One of my favourite exhibits in the British Museum is a small coin in room 68. This is a permanent exhibition detailing the history of money from the days it replaced barter until today’s cashless society.
Tucked away in the back corner is a half shekel dating back to the year 69CE, a year before the destruction of the Temple.
This silver coin was discovered on the Temple Mount and the exhibition correctly labels it as a half shekel that was collected as part of the annual tax for the Beit Hamikdash.
Our sedra opens with the mitzvah to contribute a half shekel and then proceeds to tell us that each shekel weighs 20 gerah. The symbolism of these two pieces of information is subtle, yet significant.
One idea behind contributing a half shekel is that none of us are complete by ourselves – we live in a world where we need each other.
On the other hand, each half shekel weighs 10 gerah. Ten is always seen as the number of completion, for example we have 10 plagues, 10 commandments, 10 men in a minyan and the list goes on.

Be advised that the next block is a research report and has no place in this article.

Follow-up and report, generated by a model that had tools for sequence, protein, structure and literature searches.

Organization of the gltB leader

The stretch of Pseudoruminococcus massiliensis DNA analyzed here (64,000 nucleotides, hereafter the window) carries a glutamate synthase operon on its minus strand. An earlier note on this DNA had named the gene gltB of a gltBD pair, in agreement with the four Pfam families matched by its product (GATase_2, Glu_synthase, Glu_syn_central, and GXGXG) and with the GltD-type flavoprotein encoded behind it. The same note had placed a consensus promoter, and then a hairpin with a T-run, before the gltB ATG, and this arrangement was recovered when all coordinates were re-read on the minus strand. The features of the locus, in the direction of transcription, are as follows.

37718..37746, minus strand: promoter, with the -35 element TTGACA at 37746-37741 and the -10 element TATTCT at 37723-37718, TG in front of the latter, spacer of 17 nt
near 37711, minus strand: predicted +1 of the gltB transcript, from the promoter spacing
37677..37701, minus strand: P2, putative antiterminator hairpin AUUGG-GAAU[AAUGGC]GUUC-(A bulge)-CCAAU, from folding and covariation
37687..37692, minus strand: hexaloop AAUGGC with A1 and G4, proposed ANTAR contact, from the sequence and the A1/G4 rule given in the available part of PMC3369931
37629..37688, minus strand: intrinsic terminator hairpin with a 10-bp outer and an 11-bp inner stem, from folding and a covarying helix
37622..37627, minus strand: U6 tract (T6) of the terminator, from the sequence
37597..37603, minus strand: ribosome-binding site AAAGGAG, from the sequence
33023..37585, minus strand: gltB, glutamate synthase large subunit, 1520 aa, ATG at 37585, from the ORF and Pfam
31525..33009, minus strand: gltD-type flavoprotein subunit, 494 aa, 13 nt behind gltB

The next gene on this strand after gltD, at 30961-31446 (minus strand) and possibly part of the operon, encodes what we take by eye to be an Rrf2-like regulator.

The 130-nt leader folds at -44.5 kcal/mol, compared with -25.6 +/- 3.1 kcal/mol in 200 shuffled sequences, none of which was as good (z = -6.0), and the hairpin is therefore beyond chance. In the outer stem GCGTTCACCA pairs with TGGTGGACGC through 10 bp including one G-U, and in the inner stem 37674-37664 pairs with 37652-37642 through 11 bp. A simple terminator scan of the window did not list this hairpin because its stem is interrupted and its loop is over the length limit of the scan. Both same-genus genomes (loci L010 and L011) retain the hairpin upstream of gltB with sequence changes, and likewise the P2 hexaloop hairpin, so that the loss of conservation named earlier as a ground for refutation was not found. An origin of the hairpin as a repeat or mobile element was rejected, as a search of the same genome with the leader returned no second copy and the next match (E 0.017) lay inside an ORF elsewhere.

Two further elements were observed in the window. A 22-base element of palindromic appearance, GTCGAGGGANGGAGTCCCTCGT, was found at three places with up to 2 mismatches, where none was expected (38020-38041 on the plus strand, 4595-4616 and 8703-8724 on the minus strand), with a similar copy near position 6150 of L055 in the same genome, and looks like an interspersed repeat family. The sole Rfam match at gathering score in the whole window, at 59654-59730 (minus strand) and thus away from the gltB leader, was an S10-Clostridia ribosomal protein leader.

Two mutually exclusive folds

The significance behind both these measurements is that they need to coexist within us simultaneously.
We need to achieve our potential, reach our own personal “10 out of 10”. But at the same time, we can never lose sight of the fact that we are not islands unto ourselves.
This sense of individual perfection can take on epic dimensions if we see ourselves as only being half shekels, part of a far greater whole.
Judaism places great emphasis on both aspects, perhaps best summed up by Hillel in Pirkei Avot: “If I am not for myself then who will be for me, but if I am only for myself then who am I?”
He concludes by telling us not to just wait around and expect this to happen by itself, but rather to ask:
“If not now, when?”
- Rabbi Jonny Roodyn is education director of Jewish Futures and serves Finchley Federation Synagogue